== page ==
Right now we're in this stage of toddler-toddler-baby. As are most of my mom friends. All the toddlers. All the babies. Babies laying on a blanket in the grass while the toddlers run around and play. Or fight. Or ask again for a snack and a push on the swing. So we leave our blanketed baby sanctuary to address those needs before returning for some more baby cuddles and giggles, rocking and talking and nursing. Until the call from the toddler crowd comes again. We're constantly rotating, one attending to this need, another tending to that, so even when we're all in the same place, we're rarely all together.
We're SO needed.
Playdates, these days. And that's only the ones I could fit in this picture...
It's so strange to think of being a mom of older kids. ones who can be pretty much be depended on to do things on their own and play by themselves. Kids who aren't even here for most of the day because they're off at school and activities. Not needing help with every little snack, shoes-on-shoes-off, clothing change, pulling up that darn underwear after going potty routine while also rocking the baby. Chaotic playdates where we frequently spend more time chasing after our own kids than in adult conversation. Snacks, naps, nursing, tantrums, snuggles, playtime and swaddling. This is all I know. All we know. As little girls (and boys) we played house and pretended to take care of babies. Ain't nobody who wants to pretend to be the mom of a teenager.
I hear that it happens. That one day we'll turn around and realize that they all know how to play by themselves. Not only will they not need to be fed/watched/entertained 24/7 but apparently it will actually be possible to relax and do some yard work, wipe down the counters, fold that entire load of laundry, or drink that entire cup of coffee and even get into a book without being interrupted within the next 60 seconds. Right now it feels like this is a myth. That they will always be little. You guys out there with older kids must be lying to us. There's no way these kids grow up. That doesn't happen. Didn't you just always have an 8-year old? He came out that way, right?
Right now, if there's suddenly a time that we're not needed - all the kids are napping, they're with the grandparents, whatever - we literally don't know what to do with ourselves. I hear some version of "the kids are gone/in bed asleep/with a babysitter and I'm so excited but I don't know what to do with myself!" from my friends at least once a week. There's so many things we feel that we should do, or just plain old want to do. So many things we want to try to fit into the quiet. Is this productive time? Do we wipe down the counters and scrub toilets? Do we blow it all off and read a book? (Answer: yes.) Sort through the 384 photos on our phone of the kids that we took that day alone? (It's not just me, right?) Maybe even have time to post one of the non-blurry ones up to Facebook or Instagram without being interrupted? (I get about halfway through a post approximately 90% of the time before dealing with some sort of emergency and have to stop mid-type. By some miracle, I haven't had one post on accident while half-done. Yet. You'll know when this happens. Keep your eyes open. It's only a matter of time.)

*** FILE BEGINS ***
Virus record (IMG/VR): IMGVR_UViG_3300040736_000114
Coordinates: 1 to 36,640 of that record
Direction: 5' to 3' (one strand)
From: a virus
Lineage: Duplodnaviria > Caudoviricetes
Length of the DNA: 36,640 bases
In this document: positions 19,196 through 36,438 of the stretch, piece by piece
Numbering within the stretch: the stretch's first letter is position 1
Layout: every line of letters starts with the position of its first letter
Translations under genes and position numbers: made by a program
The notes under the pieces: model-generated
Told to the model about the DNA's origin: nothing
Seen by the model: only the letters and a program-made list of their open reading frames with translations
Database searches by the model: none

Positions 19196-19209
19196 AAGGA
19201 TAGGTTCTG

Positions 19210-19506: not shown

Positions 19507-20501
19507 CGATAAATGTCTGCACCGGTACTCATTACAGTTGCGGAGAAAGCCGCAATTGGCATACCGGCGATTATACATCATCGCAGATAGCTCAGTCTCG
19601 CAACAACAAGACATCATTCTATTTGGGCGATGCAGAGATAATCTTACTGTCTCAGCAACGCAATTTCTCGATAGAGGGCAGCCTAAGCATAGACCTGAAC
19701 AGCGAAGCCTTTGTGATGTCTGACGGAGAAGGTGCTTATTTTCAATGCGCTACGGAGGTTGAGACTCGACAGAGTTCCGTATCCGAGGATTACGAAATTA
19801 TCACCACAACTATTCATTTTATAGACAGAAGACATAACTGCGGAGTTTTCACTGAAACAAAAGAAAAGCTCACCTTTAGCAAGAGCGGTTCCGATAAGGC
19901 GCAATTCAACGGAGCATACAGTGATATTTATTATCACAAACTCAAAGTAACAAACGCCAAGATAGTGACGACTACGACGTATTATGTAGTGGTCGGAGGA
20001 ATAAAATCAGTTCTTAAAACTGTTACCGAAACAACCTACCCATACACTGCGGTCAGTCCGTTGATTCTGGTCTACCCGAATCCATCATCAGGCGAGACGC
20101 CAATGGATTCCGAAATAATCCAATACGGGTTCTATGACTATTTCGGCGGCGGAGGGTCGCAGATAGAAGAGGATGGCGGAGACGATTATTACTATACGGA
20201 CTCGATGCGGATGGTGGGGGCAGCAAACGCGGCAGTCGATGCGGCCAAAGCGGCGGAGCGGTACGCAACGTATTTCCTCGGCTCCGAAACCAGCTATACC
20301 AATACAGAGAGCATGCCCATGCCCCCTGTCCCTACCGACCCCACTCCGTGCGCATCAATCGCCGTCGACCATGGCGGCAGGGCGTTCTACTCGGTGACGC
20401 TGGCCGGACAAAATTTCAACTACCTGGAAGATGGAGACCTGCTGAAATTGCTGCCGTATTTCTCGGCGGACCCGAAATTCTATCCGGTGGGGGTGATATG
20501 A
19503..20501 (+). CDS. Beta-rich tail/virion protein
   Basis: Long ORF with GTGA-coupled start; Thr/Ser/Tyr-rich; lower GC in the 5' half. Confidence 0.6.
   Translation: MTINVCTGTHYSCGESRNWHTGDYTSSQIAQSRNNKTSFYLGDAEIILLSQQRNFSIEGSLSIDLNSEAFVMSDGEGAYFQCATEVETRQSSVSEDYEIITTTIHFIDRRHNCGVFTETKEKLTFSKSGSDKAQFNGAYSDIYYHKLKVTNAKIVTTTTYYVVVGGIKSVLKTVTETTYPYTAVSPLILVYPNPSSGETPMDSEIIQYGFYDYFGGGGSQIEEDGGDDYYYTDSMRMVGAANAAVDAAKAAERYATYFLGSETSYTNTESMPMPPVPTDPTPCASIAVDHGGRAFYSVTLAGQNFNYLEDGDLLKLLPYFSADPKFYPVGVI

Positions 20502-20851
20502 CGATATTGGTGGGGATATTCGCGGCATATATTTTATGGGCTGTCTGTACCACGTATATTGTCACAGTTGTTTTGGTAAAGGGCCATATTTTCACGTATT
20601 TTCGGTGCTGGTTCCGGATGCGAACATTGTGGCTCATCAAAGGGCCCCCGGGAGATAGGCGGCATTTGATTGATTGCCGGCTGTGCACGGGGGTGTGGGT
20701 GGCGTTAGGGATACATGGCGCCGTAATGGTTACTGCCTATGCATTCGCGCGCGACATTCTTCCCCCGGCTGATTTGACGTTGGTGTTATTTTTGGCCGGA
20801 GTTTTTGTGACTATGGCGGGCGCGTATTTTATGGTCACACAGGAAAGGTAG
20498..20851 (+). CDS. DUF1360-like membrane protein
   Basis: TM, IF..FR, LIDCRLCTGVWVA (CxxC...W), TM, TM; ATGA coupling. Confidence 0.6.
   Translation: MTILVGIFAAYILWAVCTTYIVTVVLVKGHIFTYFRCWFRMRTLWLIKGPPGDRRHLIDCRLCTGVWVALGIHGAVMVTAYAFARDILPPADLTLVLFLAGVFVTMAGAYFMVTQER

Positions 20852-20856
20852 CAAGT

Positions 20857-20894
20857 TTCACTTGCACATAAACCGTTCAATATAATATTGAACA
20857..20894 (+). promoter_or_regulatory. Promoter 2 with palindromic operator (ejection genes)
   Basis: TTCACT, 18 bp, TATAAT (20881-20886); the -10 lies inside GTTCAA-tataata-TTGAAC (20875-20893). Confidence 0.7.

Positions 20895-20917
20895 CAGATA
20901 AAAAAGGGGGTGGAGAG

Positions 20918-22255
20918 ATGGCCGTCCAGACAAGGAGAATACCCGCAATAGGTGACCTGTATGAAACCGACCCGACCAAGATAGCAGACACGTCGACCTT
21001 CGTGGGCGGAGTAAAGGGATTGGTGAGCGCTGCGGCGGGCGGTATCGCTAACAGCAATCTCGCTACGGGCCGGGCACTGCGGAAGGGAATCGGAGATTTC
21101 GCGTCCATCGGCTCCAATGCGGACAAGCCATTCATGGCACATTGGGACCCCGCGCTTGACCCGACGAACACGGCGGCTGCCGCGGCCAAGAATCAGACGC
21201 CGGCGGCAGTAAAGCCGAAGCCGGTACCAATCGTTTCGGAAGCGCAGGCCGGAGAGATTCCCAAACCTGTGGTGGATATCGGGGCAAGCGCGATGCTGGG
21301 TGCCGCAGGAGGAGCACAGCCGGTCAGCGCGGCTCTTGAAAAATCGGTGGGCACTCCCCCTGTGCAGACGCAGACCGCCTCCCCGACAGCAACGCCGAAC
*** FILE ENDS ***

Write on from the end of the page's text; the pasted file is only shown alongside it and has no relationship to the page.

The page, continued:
Of course this time doesn't last. The kids wake up, the babysitter leaves, the chaos returns. And we're right back in to juggling not one but two poopy diapers and a child that wants a snack "Nowwwwaaa, Mommy! Righ' nowwaa!" And then the doorbell rings and the baby decides this is a good time to also spit up all over you (this may or may not have happened just yesterday).
We sigh, but we're kind of used to it. We know how to do this. And we're still a little skeptical that these little ones - our little ones - will actually grow up. We'll learn about homework and activities and Minecraft and Justice and chapter books and (God forbid) dating and high school and the rest of that big-kid stuff later. We'll do what we know how to do best right now.
I'm in no rush. We've got plenty of time.